Macedonia's measles vaccination rate fell sharply in the past five years and is now among the lowest in Europe, according to the World Health Organization (WHO). The WHO has declared “vaccine hesitancy” a global health threat in 2019.
Between three and 10 people are diagnosed daily with measles in Macedonia and over 259 people have been diagnosed thus far, according to the Institute for Public Health, the primary public health authority in the country.
The Institute noted that more than half of the total number of cases are of children below the age of four, and every fifth victim is above the age of 30.
Around 70 percent of those infected were either not vaccinated, not re-vaccinated, or had an unknown vaccine status.
“The disease can only be prevented with a vaccine. We once again urge all parents to most responsibly understand the recommendations for the MMR vaccine which protects against this severe illness. Vaccines are tested, and the quality is guaranteed,” the Ministry of Health said in a public statement on January 11.
During the early stages of the current epidemic, the Ministry of Health said that in Skopje alone there were about 15,000 children who hadn't been immunized against measles. The government subsequently launched a campaign that resulted in 8,434 people receiving the vaccine — 5,900 of them in Skopje –, but that was not enough to stop the outbreak.
Meanwhile, progressive media outlets and civil society organizations focused on addressing misinformation, while regular citizens began confronting anti-vaccination advocates (so-called “anti-vaxxers”) on social networks.
But when the public prosecutor began investigating a pharmaceutical company that had allegedly placed wrong expiry dates on vaccines bound for Macedonia, the scandal played right into the hands of anti-vax advocates.
After the first death was reported, tensions heightened. Many citizens started then to suggest that those spreading propaganda were criminally liable:
И сега што праемо?
Е за ова зборимо цело време! Дете од шест месеца не може да биде вакцинирано за морбили пошто е мало, наша дужност е да се осигурамо дека децата што може да бида вакцинирани ќе го заштита!
ПОЧИНА ШЕСТМЕСЕЧНО БЕБЕ ОД МАЛИ СИПАНИЦИ https://t.co/haCiObKVAC
— Мутен (@toVornottoV) February 8, 2019
And now what?
This is what we have been talking about all along! Six-month old babies can't be vaccinated against measles because they're too young. Our duty is to secure that the children that can be vaccinated would protect them! […]
The anti-vaccine movement in Macedonia
Macedonian anti-vax advocates mirror similar movements around the world that falsely claim that vaccines can cause autism and other diseases.
At times, they claim that the quality of vaccines offered in Macedonia is sub-standard and therefore ineffective or harmful. Many parents choose to immunize their children abroad — most typically in Greece — where the caliber of the vaccines is deemed higher.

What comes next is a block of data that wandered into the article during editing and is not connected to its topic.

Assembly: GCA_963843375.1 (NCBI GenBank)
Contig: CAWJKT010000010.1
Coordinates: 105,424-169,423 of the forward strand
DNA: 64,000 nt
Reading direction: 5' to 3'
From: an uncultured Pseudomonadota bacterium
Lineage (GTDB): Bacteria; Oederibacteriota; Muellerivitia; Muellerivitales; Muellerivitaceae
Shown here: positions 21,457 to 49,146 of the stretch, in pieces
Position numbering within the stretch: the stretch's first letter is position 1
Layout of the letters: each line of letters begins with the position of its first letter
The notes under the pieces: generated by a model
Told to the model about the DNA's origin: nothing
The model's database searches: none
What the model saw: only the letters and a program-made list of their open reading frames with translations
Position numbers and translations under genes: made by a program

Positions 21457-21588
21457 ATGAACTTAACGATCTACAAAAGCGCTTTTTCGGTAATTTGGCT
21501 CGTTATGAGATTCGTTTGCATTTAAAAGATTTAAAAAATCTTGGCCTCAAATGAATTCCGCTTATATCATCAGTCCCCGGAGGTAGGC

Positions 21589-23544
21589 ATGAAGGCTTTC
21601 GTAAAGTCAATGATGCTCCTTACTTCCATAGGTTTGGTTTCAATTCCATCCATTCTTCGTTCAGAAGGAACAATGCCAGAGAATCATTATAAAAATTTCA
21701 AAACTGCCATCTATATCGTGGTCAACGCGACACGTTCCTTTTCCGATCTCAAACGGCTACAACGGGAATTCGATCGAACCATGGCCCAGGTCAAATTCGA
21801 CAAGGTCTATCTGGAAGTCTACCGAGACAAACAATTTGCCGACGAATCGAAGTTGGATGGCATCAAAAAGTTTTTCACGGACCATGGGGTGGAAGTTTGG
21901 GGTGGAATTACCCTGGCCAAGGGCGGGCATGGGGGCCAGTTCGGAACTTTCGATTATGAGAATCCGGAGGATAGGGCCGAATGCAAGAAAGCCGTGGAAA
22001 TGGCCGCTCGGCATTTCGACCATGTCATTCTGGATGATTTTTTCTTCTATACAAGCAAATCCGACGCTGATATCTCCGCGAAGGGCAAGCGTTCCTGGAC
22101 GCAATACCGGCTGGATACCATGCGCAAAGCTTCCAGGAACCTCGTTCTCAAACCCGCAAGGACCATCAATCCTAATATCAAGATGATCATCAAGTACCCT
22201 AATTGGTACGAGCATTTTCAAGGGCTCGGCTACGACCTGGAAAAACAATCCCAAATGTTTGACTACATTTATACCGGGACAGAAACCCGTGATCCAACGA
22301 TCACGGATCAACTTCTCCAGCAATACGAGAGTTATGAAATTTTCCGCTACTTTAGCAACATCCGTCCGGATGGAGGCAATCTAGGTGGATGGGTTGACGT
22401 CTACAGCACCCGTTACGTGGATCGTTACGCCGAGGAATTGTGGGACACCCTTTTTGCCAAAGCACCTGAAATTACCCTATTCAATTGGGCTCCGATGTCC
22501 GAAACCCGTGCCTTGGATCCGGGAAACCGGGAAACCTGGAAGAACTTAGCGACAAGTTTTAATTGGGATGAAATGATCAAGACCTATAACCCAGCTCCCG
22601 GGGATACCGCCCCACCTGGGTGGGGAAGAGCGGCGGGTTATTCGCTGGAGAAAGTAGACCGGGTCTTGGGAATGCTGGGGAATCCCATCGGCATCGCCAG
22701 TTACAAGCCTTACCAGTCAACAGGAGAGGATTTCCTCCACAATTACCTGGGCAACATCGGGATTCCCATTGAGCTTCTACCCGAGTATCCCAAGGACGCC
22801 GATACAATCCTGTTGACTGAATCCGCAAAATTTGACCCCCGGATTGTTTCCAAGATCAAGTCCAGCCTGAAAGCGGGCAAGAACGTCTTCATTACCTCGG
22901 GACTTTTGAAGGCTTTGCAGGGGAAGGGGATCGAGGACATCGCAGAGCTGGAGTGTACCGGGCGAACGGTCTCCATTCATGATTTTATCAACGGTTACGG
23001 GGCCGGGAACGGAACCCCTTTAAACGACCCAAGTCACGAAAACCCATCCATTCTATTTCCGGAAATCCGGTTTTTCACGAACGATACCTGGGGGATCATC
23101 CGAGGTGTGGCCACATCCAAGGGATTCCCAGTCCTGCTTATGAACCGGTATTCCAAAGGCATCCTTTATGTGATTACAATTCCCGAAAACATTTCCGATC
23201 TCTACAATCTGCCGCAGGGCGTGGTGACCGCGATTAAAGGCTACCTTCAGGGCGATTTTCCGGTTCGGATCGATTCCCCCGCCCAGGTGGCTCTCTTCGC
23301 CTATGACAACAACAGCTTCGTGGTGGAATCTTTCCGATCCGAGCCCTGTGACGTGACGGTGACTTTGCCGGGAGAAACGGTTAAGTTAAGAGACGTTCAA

Following the 2008 fall out between the then government and NATO, media outlets under the direct control of Nikola Gruevski‘s right-wing regime began promoting various populist topics on their channels.
Starting in 2013, this practice included giving more media exposure to anti-vaxxers. Then pro-government Sitel TV, a national broadcaster, did several live interviews with infamous Serbian anti-vax advocate Sladjana Velkov on its “Jadi burek” talk show, where she was constantly presented as a “health expert”.
“Alternative medicine” pundits became so prevalent on national TV that the Doctor's Chamber of Macedonia publicly demanded in 2014 that the state “take concrete measures” against them:
Медицинско преставување на лица кои даваат совети од областа на медицината и алтернативната медицина, а немаат соодветна диплома ниту соодветна лиценца за работа – на пример Слаѓана Велков на телевизија го коментира квалитетот и валидноста на вакцините, ТВ емисии во кои некомпетентни лица со билки лекуваат секакви болести, капки и раствори се рекламираат на сите телевизии, но не смее да ги препорачува доктор, самоуки нутриционисти препорачуваат рецепти за долг и здрав живот.
…Misrepresenting persons giving advice from the area of medicine and alternative medicine as medical professionals, while having no medical degree or the appropriate work license — for instance, Sladjana Velkov commenting on the quality and validity of vaccines on TV. [Other such cases include] TV shows presenting incompetent persons as healers of various diseases using herbs, commercial advertising of drops and solutions which physicians are not allowed to recommend on all TV stations, as well as self-taught nutritionists recommending recipes for long and healthy life.
Meanwhile, in December 2015, Sladjana Velkov was sued in Serbia after she allegedly promoted bleach as medicine to children. She moved to Macedonia soon afterward and has lived there since. As of 2018, media outlets associated with the former ruling party continued to present her conspiracy theories as facts.
In August 2018, researchers at George Washington University revealed that 93 percent of messages about vaccines posted on Twitter between 2014 and 2017 came from accounts that exhibited malicious behavior, including those by “Russian trolls”.
According to their study, which examined a sample of more than 1.8 million tweets, “Russian trolls and sophisticated bots promote both pro- and antivaccination narratives,” thus creating a “false equivalency, eroding public consensus on vaccination.”
The current Macedonian government has promised to improve the quality of life in Macedonia by instituting democratic reforms.